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Davis Cup After Four Decades

Apartheid [apartness], was the Afrikaans name given by the white-ruled South Africa's Nationalist Party in 1948 to the country's harsh, institutionalized system of racial segregation. In South Africa, riots, boycotts, and protests by black South Africans against white rule had occurred since the inception of independent white rule in 1910.

An estimated 5,000 people turned out for the March 17, 18 and 19, 1978 protests against South African participation in the Davis Cup tennis tournament at Vanderbilt University in Nashville, Tennessee. By the mid-1970s, South Africa's sports teams were banned from international competitions due to the state's apartheid policies. Tennis was one of the last frontiers in the global sport boycott, a critical component of the global anti-apartheid struggle. Opposition to apartheid had moved from the fringe of American society in the early 1970s to become an influential mainstream protest movement across the United States.

Vanderbilt needed to sell 12,000 tickets over the three-day tournament to break even financially. Due to the protests, only 2500 tickets were sold. John Pike, then a senior at Vanderbilt, was the lead organizer of the protests. A few weeks later, he was expelled from Vanderbilt, one course short of his degree. This did not prevent the Vanderbilt fund raising department from pestering him for donations in subsequent decades.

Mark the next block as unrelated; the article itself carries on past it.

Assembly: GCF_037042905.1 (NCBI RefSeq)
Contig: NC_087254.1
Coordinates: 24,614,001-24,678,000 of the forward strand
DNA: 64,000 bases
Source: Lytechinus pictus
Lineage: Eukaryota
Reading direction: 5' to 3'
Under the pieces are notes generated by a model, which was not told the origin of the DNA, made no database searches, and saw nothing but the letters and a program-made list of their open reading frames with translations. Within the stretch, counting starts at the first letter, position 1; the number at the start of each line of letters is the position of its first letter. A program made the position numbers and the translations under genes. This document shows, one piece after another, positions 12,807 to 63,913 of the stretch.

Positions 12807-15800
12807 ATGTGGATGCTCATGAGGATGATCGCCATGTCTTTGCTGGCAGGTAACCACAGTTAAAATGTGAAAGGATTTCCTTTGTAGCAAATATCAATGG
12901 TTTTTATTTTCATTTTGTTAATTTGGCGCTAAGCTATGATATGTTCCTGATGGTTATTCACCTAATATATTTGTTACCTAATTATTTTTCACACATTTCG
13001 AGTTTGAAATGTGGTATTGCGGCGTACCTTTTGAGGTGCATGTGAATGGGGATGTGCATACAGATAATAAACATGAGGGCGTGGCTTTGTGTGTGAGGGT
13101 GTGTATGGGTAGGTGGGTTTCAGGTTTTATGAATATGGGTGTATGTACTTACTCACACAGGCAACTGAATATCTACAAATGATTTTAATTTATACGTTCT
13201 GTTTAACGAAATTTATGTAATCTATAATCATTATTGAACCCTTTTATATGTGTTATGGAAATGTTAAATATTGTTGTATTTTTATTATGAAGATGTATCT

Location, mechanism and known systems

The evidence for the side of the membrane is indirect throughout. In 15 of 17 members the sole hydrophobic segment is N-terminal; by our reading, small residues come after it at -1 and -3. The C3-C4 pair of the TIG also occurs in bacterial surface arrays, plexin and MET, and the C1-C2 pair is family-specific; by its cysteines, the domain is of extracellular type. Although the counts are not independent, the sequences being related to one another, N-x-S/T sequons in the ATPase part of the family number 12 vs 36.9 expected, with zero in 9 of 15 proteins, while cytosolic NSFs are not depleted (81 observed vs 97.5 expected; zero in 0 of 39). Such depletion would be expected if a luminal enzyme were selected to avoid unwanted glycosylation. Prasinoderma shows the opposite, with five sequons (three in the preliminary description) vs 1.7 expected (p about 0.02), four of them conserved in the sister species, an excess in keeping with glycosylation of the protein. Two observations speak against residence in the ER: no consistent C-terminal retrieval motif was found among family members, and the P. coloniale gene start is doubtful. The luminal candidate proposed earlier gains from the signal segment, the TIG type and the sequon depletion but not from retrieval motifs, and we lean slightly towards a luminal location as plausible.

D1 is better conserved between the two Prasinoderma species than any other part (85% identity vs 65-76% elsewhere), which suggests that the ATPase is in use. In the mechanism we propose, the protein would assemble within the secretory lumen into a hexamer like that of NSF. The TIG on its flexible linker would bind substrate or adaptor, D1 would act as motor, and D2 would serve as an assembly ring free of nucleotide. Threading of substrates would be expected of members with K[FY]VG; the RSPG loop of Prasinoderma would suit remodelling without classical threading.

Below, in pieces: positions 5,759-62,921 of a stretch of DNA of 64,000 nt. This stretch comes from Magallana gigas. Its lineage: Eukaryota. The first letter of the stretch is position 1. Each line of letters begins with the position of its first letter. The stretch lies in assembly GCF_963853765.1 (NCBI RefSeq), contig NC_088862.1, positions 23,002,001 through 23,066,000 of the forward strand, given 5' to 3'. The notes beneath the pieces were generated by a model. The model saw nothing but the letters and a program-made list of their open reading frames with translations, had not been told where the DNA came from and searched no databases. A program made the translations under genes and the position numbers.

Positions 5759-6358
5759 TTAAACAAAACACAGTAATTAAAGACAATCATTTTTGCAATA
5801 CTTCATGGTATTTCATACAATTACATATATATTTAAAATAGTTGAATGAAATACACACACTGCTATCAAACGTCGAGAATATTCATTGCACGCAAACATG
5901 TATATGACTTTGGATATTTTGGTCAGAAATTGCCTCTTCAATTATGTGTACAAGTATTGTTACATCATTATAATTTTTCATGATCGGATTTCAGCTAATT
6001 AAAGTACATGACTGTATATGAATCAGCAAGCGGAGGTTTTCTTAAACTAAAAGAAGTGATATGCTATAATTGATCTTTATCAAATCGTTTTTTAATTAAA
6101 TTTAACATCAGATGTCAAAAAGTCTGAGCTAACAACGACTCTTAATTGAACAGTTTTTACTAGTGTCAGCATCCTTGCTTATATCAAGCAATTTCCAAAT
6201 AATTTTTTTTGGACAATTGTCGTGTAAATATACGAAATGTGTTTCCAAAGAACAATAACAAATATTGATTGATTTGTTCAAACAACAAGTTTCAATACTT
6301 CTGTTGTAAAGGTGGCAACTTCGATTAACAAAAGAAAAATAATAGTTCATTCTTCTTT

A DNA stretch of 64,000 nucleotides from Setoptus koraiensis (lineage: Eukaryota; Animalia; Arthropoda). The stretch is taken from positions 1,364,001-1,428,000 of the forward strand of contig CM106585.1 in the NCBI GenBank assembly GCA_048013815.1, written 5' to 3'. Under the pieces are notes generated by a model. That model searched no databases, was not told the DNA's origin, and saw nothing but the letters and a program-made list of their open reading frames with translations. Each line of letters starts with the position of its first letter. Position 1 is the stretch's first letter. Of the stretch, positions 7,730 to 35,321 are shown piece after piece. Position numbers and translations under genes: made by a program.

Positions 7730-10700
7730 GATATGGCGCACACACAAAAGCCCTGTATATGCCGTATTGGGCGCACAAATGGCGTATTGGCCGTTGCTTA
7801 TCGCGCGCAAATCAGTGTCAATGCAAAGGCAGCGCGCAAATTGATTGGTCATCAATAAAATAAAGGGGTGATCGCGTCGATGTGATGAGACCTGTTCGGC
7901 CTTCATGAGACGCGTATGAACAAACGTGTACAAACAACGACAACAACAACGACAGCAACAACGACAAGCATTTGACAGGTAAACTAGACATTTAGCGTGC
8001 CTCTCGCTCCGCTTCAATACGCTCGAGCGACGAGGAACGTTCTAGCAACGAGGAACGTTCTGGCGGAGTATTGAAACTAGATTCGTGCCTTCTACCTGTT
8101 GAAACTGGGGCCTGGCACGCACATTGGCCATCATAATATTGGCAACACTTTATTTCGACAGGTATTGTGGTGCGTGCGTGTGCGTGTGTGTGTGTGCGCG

By the late 1970s, grassroots movements in Europe and the United States had succeeded in pressuring their governments into imposing economic and cultural sanctions on Pretoria. After the U.S. Congress passed the Comprehensive Anti-Apartheid Act in 1986, many large multinational companies withdrew from South Africa. By the late 1980s, the South African economy was struggling with the effects of the internal and external boycotts as well as the burden of its military commitment in occupying Namibia.

In his opening address to Parliament in February 1990, South African President F. W. de Klerk, in a move that surprised observers, announced that he was lifting the ban on the African National Congress [ANC] and other black liberation parties, allowing freedom of the press, and releasing political prisoners. The country waited in anticipation for the release of Nelson Mandela, who walked out of prison after 27 years on 11 February 1990. In April 1994, Nelson Mandela was elected as South Africa's first black president.

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